ELD headaches: Solving the dropped bluetooth connection issue

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Previously in this series: ELD headaches: Dealing with technical glitches and other equipment issues

Based on Overdrive polling, drivers’ most common problem with ELDs is dropped connections between a BYOD (“bring your own device,” typically a phone or tablet) and the device’s ECM plugin portion.

Results shown here show the distribution of issues experienced among owner-operators who have had some ELD equipment problem. No single problem was clearly dominant.Results shown here show the distribution of issues experienced among owner-operators who have had some ELD equipment problem. No single problem was clearly dominant.

Given wide pre-mandate use of smartphone-based logging programs by owner-operators, many have migrated to ELDs with BYOD systems that often connect an ECM plug-in device to the user interface on a phone or tablet program via Bluetooth, but occasionally the connection could be made through the cloud via a cellular connection or locally over Wi-Fi.

A year ago, Overdrive reported on the experience of small fleet DC Transport’s owner-operators during their beginning run with the J.J. Keller Encompass system ELD, where dropped Bluetooth connections were an issue from time to time.

In some systems, dropped connections can cause unassigned-driving events to mount for system operators responsible for reconciling multiple driver accounts, not to mention presenting potential issues of log currency for drivers during roadside inspections.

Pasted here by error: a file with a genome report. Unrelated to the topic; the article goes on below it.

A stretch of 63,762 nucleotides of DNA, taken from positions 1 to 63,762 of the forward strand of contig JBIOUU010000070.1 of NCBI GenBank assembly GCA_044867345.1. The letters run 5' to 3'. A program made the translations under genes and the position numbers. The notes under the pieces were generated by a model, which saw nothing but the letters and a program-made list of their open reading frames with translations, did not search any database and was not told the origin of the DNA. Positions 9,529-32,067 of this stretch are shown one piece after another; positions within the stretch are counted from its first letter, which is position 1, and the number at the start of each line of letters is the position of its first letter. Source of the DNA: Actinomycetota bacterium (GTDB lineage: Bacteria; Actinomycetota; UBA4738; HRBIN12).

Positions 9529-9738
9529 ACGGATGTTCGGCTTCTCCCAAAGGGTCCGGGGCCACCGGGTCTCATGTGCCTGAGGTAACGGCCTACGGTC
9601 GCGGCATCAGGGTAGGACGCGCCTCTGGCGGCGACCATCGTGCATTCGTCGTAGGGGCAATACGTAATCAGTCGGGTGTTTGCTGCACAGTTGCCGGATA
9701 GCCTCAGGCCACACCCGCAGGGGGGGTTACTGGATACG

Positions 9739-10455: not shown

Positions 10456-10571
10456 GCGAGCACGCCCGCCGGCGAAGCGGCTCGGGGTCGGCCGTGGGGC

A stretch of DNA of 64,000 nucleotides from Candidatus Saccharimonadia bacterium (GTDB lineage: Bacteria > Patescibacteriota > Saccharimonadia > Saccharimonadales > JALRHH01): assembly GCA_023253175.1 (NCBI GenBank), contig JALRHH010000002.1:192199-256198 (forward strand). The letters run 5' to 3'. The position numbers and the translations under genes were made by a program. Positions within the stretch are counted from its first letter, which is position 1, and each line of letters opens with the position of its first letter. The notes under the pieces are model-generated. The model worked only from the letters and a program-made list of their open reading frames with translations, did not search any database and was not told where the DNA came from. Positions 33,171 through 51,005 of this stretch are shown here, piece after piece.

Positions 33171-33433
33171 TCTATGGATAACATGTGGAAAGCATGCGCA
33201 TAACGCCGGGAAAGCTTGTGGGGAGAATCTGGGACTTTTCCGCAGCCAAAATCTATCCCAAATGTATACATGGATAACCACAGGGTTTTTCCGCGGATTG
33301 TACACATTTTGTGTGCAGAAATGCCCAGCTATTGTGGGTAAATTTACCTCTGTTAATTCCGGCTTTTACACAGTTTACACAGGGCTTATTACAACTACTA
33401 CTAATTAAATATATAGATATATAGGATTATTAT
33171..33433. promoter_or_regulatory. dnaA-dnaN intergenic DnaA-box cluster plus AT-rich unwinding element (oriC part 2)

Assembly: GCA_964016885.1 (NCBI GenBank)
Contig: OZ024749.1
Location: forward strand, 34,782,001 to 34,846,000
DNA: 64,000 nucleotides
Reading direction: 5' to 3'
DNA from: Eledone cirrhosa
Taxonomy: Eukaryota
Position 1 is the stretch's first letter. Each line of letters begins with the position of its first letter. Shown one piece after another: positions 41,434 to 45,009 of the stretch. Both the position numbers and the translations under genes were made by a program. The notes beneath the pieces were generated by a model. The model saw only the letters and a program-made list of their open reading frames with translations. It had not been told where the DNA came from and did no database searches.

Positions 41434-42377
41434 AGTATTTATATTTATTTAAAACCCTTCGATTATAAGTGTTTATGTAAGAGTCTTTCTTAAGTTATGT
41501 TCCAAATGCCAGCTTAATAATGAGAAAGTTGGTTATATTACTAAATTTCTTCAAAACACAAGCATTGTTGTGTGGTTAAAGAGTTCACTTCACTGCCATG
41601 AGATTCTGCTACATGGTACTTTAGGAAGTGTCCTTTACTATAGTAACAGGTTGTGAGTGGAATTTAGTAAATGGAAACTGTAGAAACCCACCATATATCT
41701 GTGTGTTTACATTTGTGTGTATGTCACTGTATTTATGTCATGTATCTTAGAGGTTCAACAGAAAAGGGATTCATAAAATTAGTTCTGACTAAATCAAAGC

Katie Cullen, who last year oversaw the ELD transition at Chicago-area DC Transport, wrote in later to note no one had experience log-currency problems at roadside, and also offering her dropped-connection solution: Dedicating tablets to each owner-operator’s truck for logging.

Previously, drivers had been using their phones exclusively to log, keeping paper log backups as the company worked into the system. Cullen now attributes the dropped-connection issue to use of the phones, she says. Drops occurred when drivers “were making phone calls or running other apps at the same time, such as playing music via Bluetooth.”

Today, she says, “We have switched all our drivers over to dedicated tablets.” Without interfering applications in use, “we have had no Bluetooth connectivity issues.”

Another solution to dropped local connections is to run a device wired to the ECM directly, of which there are plenty of the sometimes more costly “dedicated unit” variety detailed in Overdrive‘s chart offering at-a-glance specs comparisons on many devices. The KeepTruckin BYOD ELD provider last year introduced a USB-connection alternative to its otherwise Bluetooth-paired system. The USB option, the company says, allows for speedier data transfer and a hardwired solution that also delivers continuous battery charging to the phone/tablet in the ELD pair.

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